During the session there was a lovely woman who bravely asked a question about whether or not she was self sabotaging because she could never quite break into Onederland (weight in the 100’s for those that don’t know). The first thing I asked was whether or not she was sure she felt like she deserved it. It was obvious she did not.
We get so caught up in how much we have to lose instead of how far we have come. The first thing I suggested was to remember how desperately we wanted to become “normal”. Over 9 years ago I would sit in front of the computer for hours with tears streaming down my face….I just wanted to be one of those women….one of the hundreds of women that lost all their weight.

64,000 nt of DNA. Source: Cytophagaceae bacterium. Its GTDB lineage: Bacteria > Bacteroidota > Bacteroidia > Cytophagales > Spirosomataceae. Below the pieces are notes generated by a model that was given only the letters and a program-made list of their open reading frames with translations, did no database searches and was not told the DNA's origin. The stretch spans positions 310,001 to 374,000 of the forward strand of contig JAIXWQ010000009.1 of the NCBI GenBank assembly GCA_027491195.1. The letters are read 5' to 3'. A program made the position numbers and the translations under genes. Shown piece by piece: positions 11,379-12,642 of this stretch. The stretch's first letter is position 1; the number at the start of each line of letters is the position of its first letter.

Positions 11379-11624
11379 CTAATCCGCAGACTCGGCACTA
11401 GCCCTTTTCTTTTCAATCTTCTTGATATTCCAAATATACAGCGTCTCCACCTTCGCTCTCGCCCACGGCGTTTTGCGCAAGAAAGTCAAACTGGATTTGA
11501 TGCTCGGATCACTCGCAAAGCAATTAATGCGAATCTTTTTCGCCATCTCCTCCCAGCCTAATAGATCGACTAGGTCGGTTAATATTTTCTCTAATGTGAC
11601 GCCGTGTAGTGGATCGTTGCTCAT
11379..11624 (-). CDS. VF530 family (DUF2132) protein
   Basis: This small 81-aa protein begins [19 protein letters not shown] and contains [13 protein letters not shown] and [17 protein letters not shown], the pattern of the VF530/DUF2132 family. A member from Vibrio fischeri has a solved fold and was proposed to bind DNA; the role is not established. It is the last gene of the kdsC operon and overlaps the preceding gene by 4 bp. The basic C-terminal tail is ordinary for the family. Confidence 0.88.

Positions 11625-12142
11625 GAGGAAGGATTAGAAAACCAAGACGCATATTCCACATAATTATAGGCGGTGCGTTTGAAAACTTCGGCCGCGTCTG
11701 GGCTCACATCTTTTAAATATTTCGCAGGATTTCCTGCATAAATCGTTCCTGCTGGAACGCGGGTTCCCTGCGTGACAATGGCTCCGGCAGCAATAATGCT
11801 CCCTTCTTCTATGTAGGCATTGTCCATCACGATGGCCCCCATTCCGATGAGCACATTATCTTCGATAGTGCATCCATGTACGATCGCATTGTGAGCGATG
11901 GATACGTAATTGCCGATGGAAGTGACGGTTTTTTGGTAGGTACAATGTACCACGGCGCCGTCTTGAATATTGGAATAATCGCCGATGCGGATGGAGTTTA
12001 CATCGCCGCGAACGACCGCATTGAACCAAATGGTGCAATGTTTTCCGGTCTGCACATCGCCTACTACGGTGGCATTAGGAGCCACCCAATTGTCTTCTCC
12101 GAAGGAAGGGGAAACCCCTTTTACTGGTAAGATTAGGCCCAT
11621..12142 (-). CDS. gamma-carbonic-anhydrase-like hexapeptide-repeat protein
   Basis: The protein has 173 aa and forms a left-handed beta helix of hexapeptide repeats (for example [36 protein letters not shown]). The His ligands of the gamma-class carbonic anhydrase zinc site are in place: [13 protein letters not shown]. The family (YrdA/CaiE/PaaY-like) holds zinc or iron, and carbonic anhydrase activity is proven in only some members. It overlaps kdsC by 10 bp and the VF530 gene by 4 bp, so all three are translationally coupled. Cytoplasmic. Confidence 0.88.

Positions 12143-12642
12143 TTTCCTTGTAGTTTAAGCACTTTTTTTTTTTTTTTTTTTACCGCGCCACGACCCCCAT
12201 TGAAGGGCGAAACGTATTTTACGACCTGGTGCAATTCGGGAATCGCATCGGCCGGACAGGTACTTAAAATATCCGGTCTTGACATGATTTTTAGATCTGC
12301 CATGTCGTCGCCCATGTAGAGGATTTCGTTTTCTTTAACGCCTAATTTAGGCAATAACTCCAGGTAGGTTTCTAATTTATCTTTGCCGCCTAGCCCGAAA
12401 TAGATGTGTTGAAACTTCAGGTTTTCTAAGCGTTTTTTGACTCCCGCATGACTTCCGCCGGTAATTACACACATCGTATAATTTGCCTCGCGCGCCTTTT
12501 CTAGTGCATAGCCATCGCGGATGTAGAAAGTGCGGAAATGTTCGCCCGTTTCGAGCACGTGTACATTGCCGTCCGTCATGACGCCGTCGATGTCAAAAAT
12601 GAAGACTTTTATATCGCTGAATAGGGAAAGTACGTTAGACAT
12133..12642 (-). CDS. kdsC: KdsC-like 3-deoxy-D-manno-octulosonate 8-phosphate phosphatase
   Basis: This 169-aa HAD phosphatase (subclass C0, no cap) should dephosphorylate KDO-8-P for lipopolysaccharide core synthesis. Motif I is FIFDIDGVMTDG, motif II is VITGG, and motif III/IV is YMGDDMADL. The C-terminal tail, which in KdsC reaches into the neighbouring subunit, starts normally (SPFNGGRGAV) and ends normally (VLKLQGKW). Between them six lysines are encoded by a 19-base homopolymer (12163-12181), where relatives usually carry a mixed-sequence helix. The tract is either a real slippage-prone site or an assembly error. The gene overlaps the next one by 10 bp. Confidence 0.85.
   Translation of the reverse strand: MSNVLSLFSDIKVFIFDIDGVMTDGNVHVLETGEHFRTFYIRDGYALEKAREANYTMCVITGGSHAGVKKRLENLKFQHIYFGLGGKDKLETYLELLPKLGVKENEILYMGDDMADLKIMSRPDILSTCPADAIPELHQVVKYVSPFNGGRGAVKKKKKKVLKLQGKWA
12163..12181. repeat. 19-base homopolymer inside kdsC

Now that some have regained some weight we ARE normal…just like many of the population who has that 20, 30, 40 etc. pounds to lose. Instead of saying “WOW, I’VE LOST OVER 100 POUNDS!” we are miserable over the regain. I suggested that she approach it by being in the attitude of gratitude and realizing that the regain can be handled! Compared to losing 100, 200 pounds it is a flash in the pan. We cannot possibly begin to get in the successful frame of mind if we continually see ourselves as a failure. Looking at the regain as a huge monster makes it exactly that….a huge monster that we give more power to each day.
If only we realized that each day we start out as innocent as a newborn babe. Dragging the baggage from the past only does us harm and makes us weigh more! We cannot change the past…it is true that it made us exactly who we are today… but using precious energy to drag it forward each day uses up our resources to change the things we can. When we really get that….I mean really get that….we can devote all that energy to the things we have control over.